Twenty new species of coral are now listed as “threatened” under the Endangered Species Act, the National Oceanic and Atmospheric Administration announced on Wednesday.
NOAA said in the rule that it considered multiple threats to coral when deciding which species to designate, including corals’ vulnerability to ocean acidification and warming, pollution from agriculture and other sources, fishing, dredging, disease, invasive species and other potential impacts. The addition of the 20 threatened coral species brings the number of coral species listed under the Endangered Species Act to 22.
The “threatened” designation doesn’t result in any immediate restrictions on activities that may affect the health of the coral, like fishing and land use. Unlike an “endangered” designation, which is granted to species that are at higher, more immediate risk of extinction, the threatened designation does not automatically trigger any protections against take, meaning hunting, collecting or harassing.
NOAA stated in a release, however, that it would consult with other federal agencies to see whether any actions that they “execute, fund, or authorize” could affect the threatened corals, and it may also identify regulations that could help the threatened coral coral populations become healthier.
“Protecting and conserving these biologically rich ecosystems is essential, and the Endangered Species Act gives us the tools to conserve and recover those corals most in need of protection,” Eileen Sobeck, assistant NOAA administrator for NOAA Fisheries said. “The final decision is a result of the most extensive rulemaking ever undertaken by NOAA. The amount of scientific information sought, obtained and analyzed was unprecedented.”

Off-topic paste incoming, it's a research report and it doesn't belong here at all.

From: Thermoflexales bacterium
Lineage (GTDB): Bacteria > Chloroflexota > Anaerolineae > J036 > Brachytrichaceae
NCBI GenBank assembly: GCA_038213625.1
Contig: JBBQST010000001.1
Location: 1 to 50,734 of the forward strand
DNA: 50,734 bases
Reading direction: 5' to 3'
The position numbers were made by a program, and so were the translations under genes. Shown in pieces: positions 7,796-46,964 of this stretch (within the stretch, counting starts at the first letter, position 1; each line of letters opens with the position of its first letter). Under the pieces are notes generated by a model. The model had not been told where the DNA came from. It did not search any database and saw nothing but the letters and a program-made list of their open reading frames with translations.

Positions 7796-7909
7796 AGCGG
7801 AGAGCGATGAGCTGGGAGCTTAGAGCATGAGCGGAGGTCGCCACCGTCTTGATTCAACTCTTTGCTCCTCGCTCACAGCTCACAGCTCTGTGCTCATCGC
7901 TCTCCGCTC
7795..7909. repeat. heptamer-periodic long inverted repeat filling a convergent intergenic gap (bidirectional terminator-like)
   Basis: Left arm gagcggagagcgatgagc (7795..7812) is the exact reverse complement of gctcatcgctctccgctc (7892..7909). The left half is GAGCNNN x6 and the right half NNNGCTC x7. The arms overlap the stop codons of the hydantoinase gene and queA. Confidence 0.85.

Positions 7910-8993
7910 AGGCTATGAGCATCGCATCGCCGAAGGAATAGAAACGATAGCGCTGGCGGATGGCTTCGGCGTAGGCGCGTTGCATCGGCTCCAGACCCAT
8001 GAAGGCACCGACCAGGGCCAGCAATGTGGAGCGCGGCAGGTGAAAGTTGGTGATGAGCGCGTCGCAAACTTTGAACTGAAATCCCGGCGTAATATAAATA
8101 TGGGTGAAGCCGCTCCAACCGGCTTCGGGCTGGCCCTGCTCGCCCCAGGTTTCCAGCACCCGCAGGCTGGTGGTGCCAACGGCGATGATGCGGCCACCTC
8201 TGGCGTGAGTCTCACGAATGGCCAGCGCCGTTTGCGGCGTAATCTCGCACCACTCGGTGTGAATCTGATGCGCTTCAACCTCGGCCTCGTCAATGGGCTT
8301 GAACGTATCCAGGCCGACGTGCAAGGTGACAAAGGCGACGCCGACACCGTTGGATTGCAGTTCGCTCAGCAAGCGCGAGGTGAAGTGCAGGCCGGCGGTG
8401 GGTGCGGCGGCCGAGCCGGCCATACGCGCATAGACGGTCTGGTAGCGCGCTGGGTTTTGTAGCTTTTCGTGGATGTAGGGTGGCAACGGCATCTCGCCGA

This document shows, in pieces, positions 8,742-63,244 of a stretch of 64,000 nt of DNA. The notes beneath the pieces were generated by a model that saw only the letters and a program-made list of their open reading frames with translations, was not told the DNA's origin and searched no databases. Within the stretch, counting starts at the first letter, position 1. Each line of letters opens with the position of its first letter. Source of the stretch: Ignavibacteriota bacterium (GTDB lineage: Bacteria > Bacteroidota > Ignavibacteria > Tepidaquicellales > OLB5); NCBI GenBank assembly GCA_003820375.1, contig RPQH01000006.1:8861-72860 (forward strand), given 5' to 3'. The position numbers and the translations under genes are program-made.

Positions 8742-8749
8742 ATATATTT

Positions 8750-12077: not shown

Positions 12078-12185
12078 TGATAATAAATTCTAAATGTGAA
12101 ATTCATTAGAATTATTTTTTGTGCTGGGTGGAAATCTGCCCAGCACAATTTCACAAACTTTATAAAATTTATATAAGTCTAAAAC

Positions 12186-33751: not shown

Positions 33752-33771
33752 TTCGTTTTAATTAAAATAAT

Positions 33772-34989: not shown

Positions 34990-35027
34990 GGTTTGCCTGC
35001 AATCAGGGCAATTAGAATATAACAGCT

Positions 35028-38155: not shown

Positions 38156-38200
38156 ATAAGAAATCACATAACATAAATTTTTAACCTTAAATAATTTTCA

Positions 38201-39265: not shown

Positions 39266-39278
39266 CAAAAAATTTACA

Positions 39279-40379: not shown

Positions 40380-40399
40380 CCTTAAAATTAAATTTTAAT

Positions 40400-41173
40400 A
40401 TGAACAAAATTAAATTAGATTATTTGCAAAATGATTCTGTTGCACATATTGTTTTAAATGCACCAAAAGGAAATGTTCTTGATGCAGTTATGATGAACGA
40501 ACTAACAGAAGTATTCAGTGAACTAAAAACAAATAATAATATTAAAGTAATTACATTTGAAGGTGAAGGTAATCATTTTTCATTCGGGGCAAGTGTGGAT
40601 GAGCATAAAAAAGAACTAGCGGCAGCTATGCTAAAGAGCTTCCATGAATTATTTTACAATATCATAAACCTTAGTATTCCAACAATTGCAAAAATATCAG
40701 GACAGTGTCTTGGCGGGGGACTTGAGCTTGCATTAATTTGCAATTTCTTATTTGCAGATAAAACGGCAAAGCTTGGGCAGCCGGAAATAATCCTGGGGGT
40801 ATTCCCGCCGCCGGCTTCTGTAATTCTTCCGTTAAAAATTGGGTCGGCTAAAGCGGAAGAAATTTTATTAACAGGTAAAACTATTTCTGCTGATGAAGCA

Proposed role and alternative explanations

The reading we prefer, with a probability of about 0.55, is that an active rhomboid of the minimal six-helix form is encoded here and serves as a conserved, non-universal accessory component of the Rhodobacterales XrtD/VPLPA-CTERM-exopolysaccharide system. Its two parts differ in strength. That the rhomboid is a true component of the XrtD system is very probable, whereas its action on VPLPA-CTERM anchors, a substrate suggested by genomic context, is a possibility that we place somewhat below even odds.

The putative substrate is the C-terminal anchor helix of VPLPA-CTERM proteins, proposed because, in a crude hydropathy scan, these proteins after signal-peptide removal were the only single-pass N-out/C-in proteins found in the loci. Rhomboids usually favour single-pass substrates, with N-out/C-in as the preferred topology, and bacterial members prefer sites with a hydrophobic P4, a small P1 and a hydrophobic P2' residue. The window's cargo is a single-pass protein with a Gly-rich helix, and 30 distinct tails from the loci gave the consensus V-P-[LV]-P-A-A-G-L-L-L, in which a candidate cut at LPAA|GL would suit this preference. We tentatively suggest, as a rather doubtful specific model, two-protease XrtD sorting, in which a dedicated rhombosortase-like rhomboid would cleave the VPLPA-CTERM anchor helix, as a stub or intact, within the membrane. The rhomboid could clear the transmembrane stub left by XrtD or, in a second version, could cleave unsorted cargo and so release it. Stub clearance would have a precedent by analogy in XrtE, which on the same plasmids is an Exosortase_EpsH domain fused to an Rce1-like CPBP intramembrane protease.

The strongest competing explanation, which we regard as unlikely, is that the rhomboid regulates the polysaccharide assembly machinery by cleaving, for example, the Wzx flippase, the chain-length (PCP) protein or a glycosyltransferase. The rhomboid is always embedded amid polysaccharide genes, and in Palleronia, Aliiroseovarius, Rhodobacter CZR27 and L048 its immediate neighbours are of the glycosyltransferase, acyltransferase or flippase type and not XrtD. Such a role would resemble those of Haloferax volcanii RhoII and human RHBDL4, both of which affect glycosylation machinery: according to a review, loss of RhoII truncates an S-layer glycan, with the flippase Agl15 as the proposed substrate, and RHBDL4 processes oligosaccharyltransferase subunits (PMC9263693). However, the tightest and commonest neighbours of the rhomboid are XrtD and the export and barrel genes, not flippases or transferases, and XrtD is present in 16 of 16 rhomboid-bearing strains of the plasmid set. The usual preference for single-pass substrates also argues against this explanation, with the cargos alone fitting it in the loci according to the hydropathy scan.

Originally, NOAA had proposed in November 2012 to list 66 coral species — 12 as endangered and 54 as threatened. NOAA said in a statement that it whittled that down to 20 species after it gathered new information on the species and took public comments on the species’ vulnerability into account. The 2012 proposal also suggested moving elkhorn coral, which scientists say is being killed off by disease that’s caused by bacteria in untreated human sewage in the Florida Keys, from the threatened list to the endangered list.
The IUCN, which keeps a “Red List” of species that are in danger of extinction, lists elkhorn coral as critically endangered, but NOAA chose to leave elkhorn coral and staghorn coral as threatened species.
The 2012 proposal was prompted by a petition from the Center for Biological Diversity for NOAA to list 83 species of corals as threatened or endangered. Under NOAA’s final decision, the “threatened” designation will cover five coral species in the Caribbean and 15 species in the Indian and Pacific oceans.
Coral are crucial reef-builders, and coral reefs provide important environments for many different kinds of fish. They also provide excellent protection from storm surge, reducing wave energy by 97 percent on average, according to to a report published earlier this year in Nature Communications. Michael Beck, one of the authors of the report and senior scientist for the Nature Conservancy, told ThinkProgress in May that, despite major threats from ocean acidification and warming, coral reefs “can be resilient” and recover from stresses like bleaching.
But in order to recover from stresses, coral reefs must be managed well, Beck said. Good coral reef management might be easier that it sounds, however — according to a recent study, protecting parrotfish and urchins, which are grazers and eat algae that could otherwise smother coral, are key to the survival of coral reefs. The study, which looked at thousands of surveys of coral, seaweeds, and grazing fish and urchins around the world, found that some of the healthiest coral reefs are those that have made it a priority to protect parrotfish, by doing things like banning fish traps and spearfishing or banning the collection of parrotfish and sea urchins altogether.